The DIFC Courts act as the default supervisory court for  arbitrations seated in the DIFC. The DIFC Courts have recently found that where the DIFC Courts would have exclusive jurisdiction over the parties, transaction or contract, they can act as the supervisory court even where the implied choice of the parties regarding the seat of arbitration is not the DIFC. The DIFC Courts can and have exercised comity in those circumstances in order to determine whether they should act. When the seat of arbitration is the DIFC, then the primary responsibility for enforcing the arbitration agreement would lie with the DIFC Courts.

As evidenced below by cases where the DIFC Courts have provided support for parties during and after their arbitral proceedings, support from the DIFC Courts as a supervisory or supportive court is a valuable asset to parties seeking to arbitrate in the MENA region.

The DIFC Arbitration Law and established case law

The DIFC Courts have established a meaningful body of case law related to arbitration and its treatment in the DIFC. Significantly, they interpret and implement the provisions of the DIFC Arbitration Law, DIFC Law No. 1 of 2008, as amended by DIFC Laws Amendment Law No. 1 of 2013 (“the Arbitration Law”), which is based largely on the provisions of the 1986 UNCITRAL Model Law on International Commercial Arbitration (as amended in 2006) (the “Model Law”). The DIFC Courts also endeavour to comply with the New York Convention, to which the UAE is a party, in decisions and legislative interpretations.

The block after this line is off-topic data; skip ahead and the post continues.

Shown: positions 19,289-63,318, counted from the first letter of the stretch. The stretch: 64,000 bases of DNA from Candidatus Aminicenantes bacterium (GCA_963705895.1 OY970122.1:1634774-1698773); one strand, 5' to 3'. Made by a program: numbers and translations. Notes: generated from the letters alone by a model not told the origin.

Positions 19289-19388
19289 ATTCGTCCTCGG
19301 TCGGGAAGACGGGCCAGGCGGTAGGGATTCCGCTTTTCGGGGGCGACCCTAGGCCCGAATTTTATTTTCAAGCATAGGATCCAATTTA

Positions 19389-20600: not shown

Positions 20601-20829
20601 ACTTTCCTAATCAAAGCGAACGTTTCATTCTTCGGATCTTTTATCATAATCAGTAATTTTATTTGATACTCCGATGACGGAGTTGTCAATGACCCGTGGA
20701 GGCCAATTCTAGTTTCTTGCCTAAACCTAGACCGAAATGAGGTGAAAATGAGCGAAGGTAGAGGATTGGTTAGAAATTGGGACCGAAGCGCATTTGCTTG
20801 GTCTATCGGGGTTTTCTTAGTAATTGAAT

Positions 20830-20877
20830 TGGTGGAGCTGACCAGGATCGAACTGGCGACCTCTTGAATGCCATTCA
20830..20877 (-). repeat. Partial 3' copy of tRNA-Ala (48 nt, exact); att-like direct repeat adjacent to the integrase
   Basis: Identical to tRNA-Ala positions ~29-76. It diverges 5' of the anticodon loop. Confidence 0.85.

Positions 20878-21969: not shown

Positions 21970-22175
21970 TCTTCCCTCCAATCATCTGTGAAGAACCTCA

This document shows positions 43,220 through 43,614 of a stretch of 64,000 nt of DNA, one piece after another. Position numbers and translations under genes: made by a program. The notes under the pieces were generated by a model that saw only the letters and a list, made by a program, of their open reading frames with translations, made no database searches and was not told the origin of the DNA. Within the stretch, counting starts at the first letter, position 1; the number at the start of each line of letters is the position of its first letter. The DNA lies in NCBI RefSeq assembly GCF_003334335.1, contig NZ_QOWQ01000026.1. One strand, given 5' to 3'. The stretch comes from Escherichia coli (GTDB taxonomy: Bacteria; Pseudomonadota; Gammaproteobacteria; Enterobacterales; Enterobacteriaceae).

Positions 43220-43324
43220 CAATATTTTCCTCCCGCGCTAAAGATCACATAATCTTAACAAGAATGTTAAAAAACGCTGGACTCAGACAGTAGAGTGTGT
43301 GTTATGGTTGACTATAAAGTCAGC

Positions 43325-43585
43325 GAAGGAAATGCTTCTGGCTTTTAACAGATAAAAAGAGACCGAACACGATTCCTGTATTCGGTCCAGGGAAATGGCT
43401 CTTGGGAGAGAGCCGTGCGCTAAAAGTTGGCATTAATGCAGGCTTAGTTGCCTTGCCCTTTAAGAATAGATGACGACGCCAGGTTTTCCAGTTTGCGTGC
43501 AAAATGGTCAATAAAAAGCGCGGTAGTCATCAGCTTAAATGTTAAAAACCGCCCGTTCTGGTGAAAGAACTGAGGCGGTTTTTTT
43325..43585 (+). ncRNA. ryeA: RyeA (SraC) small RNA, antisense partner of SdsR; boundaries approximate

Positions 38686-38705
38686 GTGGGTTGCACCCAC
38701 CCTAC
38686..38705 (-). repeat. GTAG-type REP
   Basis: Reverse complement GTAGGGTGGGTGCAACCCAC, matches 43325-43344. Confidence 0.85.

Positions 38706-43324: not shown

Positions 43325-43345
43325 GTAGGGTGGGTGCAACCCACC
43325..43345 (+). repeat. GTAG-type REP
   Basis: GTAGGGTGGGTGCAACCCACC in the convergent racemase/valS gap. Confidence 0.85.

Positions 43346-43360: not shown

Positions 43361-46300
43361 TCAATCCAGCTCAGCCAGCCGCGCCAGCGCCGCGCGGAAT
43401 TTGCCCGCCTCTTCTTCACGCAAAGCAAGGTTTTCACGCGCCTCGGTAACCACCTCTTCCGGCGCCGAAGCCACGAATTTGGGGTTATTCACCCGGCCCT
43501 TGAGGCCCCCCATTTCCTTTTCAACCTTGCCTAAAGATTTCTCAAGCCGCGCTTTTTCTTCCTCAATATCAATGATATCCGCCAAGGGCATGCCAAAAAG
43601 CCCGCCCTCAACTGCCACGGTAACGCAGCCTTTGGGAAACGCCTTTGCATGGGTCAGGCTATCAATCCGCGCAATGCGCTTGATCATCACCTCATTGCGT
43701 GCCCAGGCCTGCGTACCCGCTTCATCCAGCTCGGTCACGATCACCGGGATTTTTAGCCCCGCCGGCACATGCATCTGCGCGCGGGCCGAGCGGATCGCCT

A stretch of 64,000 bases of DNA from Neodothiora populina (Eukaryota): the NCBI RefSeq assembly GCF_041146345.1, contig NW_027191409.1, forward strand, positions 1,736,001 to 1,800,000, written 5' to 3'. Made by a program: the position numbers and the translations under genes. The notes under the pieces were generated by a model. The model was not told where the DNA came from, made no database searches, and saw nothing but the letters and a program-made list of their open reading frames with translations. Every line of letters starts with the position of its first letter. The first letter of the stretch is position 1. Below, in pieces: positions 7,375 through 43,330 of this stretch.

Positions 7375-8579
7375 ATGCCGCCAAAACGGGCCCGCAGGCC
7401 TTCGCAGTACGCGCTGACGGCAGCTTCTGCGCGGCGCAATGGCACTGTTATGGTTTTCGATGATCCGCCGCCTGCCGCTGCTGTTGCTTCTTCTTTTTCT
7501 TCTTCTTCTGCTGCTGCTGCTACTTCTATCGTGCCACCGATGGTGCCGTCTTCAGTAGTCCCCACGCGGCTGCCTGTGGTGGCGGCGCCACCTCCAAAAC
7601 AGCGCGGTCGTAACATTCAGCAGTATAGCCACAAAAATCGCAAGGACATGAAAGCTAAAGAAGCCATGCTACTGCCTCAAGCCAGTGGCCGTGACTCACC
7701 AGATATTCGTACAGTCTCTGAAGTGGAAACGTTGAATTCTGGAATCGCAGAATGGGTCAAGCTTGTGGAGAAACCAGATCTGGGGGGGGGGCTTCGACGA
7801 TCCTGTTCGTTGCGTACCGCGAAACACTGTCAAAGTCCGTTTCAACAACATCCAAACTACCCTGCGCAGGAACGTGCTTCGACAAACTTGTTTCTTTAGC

The DIFC Courts have decided a number of arbitration-related cases since their inception in 2006, mainly dealing with their jurisdiction to recognise and enforce arbitral awards. The DIFC Courts have also generated extensive case law with regard to the scope and application of the Arbitration Law, the criteria for granting interim measures in arbitration related cases, and the requisite factors for ordering adjournments or stays in favour of arbitration-related proceedings. The DIFC Courts are taking more cases related to interpreting arbitration agreements and clauses, adding further to the body of case law.

Affirming jurisdiction

The DIFC Courts have heard a number of challenges to their jurisdiction over recent years, predominantly focused on defining the circumstances under which the DIFC Courts are empowered to recognise and enforce an arbitral award. Part 4 of the Arbitration Law, consisting of Articles 42 to 44, deals with the recognition and enforcement of arbitral awards in the DIFC and has been at the centre of a number of important arbitration-related disputes in the DIFC Courts. The provisions of Part 4 have been drafted broadly in order to assure parties that valid arbitral awards will be recognised and enforced by the DIFC Courts, upon application.